New Insight into the Maturation of miRNAs

The authors were able to show exactly how a specific RNA binding protein (blue) recognizes pri-miR-18a (pink) and changes its structure in such a way that it develops into mature miRNA-18a. Picture modified from Kooshapur et al.

MicroRNAs (miRNAs) are a class of molecules consisting of short RNA sequences that inhibit the formation of certain proteins by destroying the corresponding RNA blueprint.

Cancer-causing miRNAs, so-called oncomiRs, also function according to this principle and inhibit the production of proteins that protect the cell against uncontrolled growth. “Thus, an increased presence of these molecules in cells leads to the development of cancer in the long term,” said Professor Michael Sattler, director of the Institute of Structural Biology at Helmholtz Zentrum München and professor of Biomolecular NMR Spectroscopy at the Technical University of Munich. “However, some molecular mechanisms of miRNA maturation in the cell remain elusive.”

Usually, before a miRNA can act in the cell, it undergoes several maturation steps and develops from a so-called primary pri-miRNA via a precursor stage (pre-miRNA) to a mature miRNA. In the current study, Professor Sattler together with researchers led by Professor Javier Caceres and Dr. Gracjan Michlewski from the University of Edinburgh and his former doctoral student Hamed Kooshapur (now at the National Institutes of Health, USA), investigated the maturation of a specific pri-miRNA.

“Our research focused on the maturation of miRNA-18a, which has been associated with colon, breast, and esophageal cancer,” said Michael Sattler. “To elucidate how its maturation is controlled, we had to combine different procedures. Nuclear magnetic resonance (NMR) spectroscopy, X-ray crystallography, small-angle X-ray scattering analyses as well as biochemical experiments were used.”

Using this combination approach, the authors were able to show exactly how a specific RNA binding protein (hnRNP A1) recognizes pri-miRNA-18a and changes its structure in such a way that it develops into mature miRNA-18a. The researchers assume that the mechanism can also be transferred to other miRNAs. “In the long term, understanding the processes might help us to develop new therapy options – for example to treat cancer,” said Sattler. “Only if we understand how biology works we can intervene in a targeted manner.”

Further Information

Original Publication:
Kooshapur,H. et al. (2018): Structural basis for terminal loop recognition and stimulation of pri-miRNA-18a processing by hnRNP A1. Nature Communications, DOI: 10.1038/s41467-018-04871-9

The Helmholtz Zentrum München, the German Research Center for Environmental Health, pursues the goal of developing personalized medical approaches for the prevention and therapy of major common diseases such as diabetes and lung diseases. To achieve this, it investigates the interaction of genetics, environmental factors and lifestyle. The Helmholtz Zentrum München is headquartered in Neuherberg in the north of Munich and has about 2,300 staff members. It is a member of the Helmholtz Association, a community of 18 scientific-technical and medical-biological research centers with a total of about 37,000 staff members. www.helmholtz-muenchen.de/en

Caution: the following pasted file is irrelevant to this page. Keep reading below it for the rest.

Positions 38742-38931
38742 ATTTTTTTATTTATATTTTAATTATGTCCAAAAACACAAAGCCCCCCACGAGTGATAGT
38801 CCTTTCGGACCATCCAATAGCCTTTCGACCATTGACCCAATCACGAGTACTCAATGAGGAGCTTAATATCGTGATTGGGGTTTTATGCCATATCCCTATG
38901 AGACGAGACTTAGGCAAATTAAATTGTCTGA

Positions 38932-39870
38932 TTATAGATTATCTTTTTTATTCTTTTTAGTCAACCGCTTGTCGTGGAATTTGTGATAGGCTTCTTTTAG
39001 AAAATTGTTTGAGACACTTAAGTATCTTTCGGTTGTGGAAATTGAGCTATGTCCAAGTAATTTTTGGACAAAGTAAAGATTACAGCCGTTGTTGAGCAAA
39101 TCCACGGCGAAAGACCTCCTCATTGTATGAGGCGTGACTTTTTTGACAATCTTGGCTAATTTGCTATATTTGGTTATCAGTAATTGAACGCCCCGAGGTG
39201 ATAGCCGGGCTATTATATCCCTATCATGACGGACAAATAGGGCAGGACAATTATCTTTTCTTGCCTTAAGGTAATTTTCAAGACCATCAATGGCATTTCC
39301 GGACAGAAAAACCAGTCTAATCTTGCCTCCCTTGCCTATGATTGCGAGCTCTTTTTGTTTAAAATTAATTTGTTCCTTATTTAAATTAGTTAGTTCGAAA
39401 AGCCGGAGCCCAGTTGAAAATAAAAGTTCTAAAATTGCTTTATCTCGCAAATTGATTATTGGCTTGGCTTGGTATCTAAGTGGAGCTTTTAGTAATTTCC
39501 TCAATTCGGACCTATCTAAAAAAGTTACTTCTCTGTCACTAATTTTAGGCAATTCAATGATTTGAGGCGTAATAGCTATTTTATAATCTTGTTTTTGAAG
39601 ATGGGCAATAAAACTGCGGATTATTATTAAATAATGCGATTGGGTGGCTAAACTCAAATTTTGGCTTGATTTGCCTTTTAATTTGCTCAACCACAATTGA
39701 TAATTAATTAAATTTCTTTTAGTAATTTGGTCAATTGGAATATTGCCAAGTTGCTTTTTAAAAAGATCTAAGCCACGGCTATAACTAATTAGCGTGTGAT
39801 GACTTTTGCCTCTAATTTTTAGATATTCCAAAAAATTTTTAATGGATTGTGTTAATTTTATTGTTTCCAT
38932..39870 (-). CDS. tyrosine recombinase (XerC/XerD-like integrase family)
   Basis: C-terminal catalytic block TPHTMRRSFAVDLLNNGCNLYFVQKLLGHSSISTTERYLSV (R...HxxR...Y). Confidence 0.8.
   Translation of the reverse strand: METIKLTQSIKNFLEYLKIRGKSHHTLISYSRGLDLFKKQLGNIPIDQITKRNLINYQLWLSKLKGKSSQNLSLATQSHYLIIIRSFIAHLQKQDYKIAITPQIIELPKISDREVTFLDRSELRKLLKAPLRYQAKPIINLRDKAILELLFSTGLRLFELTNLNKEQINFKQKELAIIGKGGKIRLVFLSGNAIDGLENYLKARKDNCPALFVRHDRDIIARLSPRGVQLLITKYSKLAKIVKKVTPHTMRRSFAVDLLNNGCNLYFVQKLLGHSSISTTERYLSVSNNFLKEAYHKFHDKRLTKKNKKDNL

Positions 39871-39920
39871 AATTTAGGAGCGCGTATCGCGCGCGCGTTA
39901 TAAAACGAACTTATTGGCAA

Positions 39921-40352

The Institute for Structural Biology (STB) investigates the spatial structures of biological macromolecules, their molecular interactions and dynamics using integrated structural biology by combining X-ray crystallography, NMR-spectroscopy and other methods. Researchers at STB also develop NMR spectroscopy methods for these studies. The goal is to unravel the structural and molecular mechanisms underlying biological function and their impairment in disease. The structural information is used for the rational design and development of small molecular inhibitors in combination with chemical biology approaches. www.helmholtz-muenchen.de/stb 

Technical University of Munich (TUM) is one of Europe’s leading research universities, with more than 500 professors, around 10,000 academic and non-academic staff, and 40,000 students. Its focus areas are the engineering sciences, natural sciences, life sciences and medicine, combined with economic and social sciences. TUM acts as an entrepreneurial university that promotes talents and creates value for society. In that it profits from having strong partners in science and industry. It is represented worldwide with a campus in Singapore as well as offices in Beijing, Brussels, Cairo, Mumbai, San Francisco, and São Paulo. Nobel Prize winners and inventors such as Rudolf Diesel, Carl von Linde, and Rudolf Mößbauer have done research at TUM. In 2006 and 2012 it won recognition as a German “Excellence University.” In international rankings, TUM regularly places among the best universities in Germany. www.tum.de/en/homepage 

Contact for the media:
Department of Communication, Helmholtz Zentrum München – German Research Center for Environmental Health, Ingolstädter Landstr. 1, 85764 Neuherberg – Tel. +49 89 3187 2238 – Fax: +49 89 3187 3324 – E-mail: presse@helmholtz-muenchen.de

Scientific Contact at Helmholtz Zentrum München:
Prof. Dr. Michael Sattler, Helmholtz Zentrum München – German Research Center for Environmental Health, Institute for Structural Biology, Ingolstädter Landstraße 1, 85764 Neuherberg, Tel. +49 89 3187 3800, E-mail: sattler@helmholtz-muenchen.de

Media Contact

Sonja Opitz Helmholtz Zentrum München - Deutsches Forschungszentrum für Gesundheit und Umwelt

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